The Peculiar Phenomenon of Urban Sprawl

Professor powell makes the startling statement that the net capital worth of the entire black community in America is zero. As much is owed as is owned. But the net worth of the white community is $9.0 trillion. This disparity is largely a result of the creation of urban sprawl.

Currently, congressional districts from the suburbs outnumber urban and rural districts combined. So, the majority of those who make our laws in congress are uninterested in the issues facing city dwellers. And unions tend to lose their power the farther they go from the city.

Perhaps the most tragic victims of this peculiar phenomenon are the children in our cities. The most predictive factor of success for schools is the economic status of the population they serve—the greater the concentration of poverty, the more likely that the children will do poorly. Poor children living in a middle income neighborhood will have a much greater chance of success than children living in areas of concentrated poverty where they have few role models, live in crime infested communities, and have no opportunities for summer and after school jobs. Urban sprawl, because it concentrates poverty, puts tens of thousands of America’s children on the economic conveyor built to the junk heap of history.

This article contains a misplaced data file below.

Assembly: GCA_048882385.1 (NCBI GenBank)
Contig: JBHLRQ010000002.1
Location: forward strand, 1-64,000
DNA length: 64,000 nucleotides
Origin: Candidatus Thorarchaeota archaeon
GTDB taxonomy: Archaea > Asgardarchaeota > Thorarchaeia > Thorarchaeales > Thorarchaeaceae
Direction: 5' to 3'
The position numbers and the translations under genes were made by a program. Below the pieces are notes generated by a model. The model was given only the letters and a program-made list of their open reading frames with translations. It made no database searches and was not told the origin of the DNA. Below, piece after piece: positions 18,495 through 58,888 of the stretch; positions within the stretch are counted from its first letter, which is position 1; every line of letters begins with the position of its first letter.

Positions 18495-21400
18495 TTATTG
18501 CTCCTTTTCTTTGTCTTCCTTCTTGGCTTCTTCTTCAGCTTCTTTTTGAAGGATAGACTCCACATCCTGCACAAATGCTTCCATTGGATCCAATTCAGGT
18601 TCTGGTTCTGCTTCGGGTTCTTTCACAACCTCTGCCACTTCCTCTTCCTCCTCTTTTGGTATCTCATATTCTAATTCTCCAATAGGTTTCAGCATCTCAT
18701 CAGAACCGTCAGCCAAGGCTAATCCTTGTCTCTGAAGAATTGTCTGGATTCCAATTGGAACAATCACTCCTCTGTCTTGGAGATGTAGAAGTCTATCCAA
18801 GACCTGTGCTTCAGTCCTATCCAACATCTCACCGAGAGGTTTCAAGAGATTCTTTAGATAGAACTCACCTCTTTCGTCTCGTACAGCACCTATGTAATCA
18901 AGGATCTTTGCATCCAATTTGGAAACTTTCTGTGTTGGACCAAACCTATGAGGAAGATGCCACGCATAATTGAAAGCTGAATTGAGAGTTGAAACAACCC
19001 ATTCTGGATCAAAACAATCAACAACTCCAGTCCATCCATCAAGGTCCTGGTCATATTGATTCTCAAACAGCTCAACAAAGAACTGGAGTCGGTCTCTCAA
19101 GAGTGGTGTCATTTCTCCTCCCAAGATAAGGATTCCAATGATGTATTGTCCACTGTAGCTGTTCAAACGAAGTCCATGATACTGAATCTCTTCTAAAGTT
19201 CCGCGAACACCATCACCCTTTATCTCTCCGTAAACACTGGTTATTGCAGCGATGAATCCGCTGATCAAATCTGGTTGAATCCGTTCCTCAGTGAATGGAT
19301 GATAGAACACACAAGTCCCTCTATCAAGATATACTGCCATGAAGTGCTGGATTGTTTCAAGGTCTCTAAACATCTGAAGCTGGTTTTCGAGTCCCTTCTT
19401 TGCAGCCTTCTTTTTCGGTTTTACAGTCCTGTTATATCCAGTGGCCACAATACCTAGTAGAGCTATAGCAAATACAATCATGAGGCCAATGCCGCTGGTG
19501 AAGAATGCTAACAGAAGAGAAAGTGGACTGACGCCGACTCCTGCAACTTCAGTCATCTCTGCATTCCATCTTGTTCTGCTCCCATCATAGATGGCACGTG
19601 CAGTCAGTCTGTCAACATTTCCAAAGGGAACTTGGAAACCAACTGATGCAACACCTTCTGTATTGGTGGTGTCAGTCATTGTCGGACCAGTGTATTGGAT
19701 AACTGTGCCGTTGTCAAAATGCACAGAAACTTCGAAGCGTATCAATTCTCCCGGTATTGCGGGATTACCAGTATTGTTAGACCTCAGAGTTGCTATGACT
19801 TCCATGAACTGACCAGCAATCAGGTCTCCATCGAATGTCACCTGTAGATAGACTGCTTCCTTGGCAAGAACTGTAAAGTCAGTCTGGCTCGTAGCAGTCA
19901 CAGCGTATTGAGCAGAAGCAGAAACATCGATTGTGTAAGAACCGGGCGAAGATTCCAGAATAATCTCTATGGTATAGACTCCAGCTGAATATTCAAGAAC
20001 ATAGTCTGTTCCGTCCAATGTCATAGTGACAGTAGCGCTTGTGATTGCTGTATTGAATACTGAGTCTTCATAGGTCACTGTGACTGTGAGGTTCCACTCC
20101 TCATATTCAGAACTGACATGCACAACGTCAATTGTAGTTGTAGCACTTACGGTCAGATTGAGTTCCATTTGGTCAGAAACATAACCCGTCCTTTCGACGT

Urban sprawl also destroys green space. The building of houses on natural flood basins and the ever growing network of expressways with their polluting traffic pose the number one threat to the environment.

But it does not have to be this way.

Portland’s Solution to Urban Sprawl

In Portland, Oregon they have created an urban growth boundary around the already developed metropolitan region. Thirty years ago, the metropolitan planning council created a policy that no government funds would be expended outside this boundary. As a result, property within the boundary is now worth a million dollars per acre; whereas, outside the boundary an acre fetches about $1,000. People can build outside the boundary but they will not have a road, sewer system, or water main built to their house. And in the event of a house fire, there is no guarantee that a fire truck will be made available, causing home insurance rates to go up.

Julius Caesar is quoted as saying: “The margin of profit for most enterprises is government subsidy.” An observation that is as true today as it was 2,000 years ago. By restricting subsidies outside the metropolitan area Portland created a level playing field for African Americans. Now property values in Portland’s traditional black community have increased by 10 billion dollars.

Organizing for the Sprawl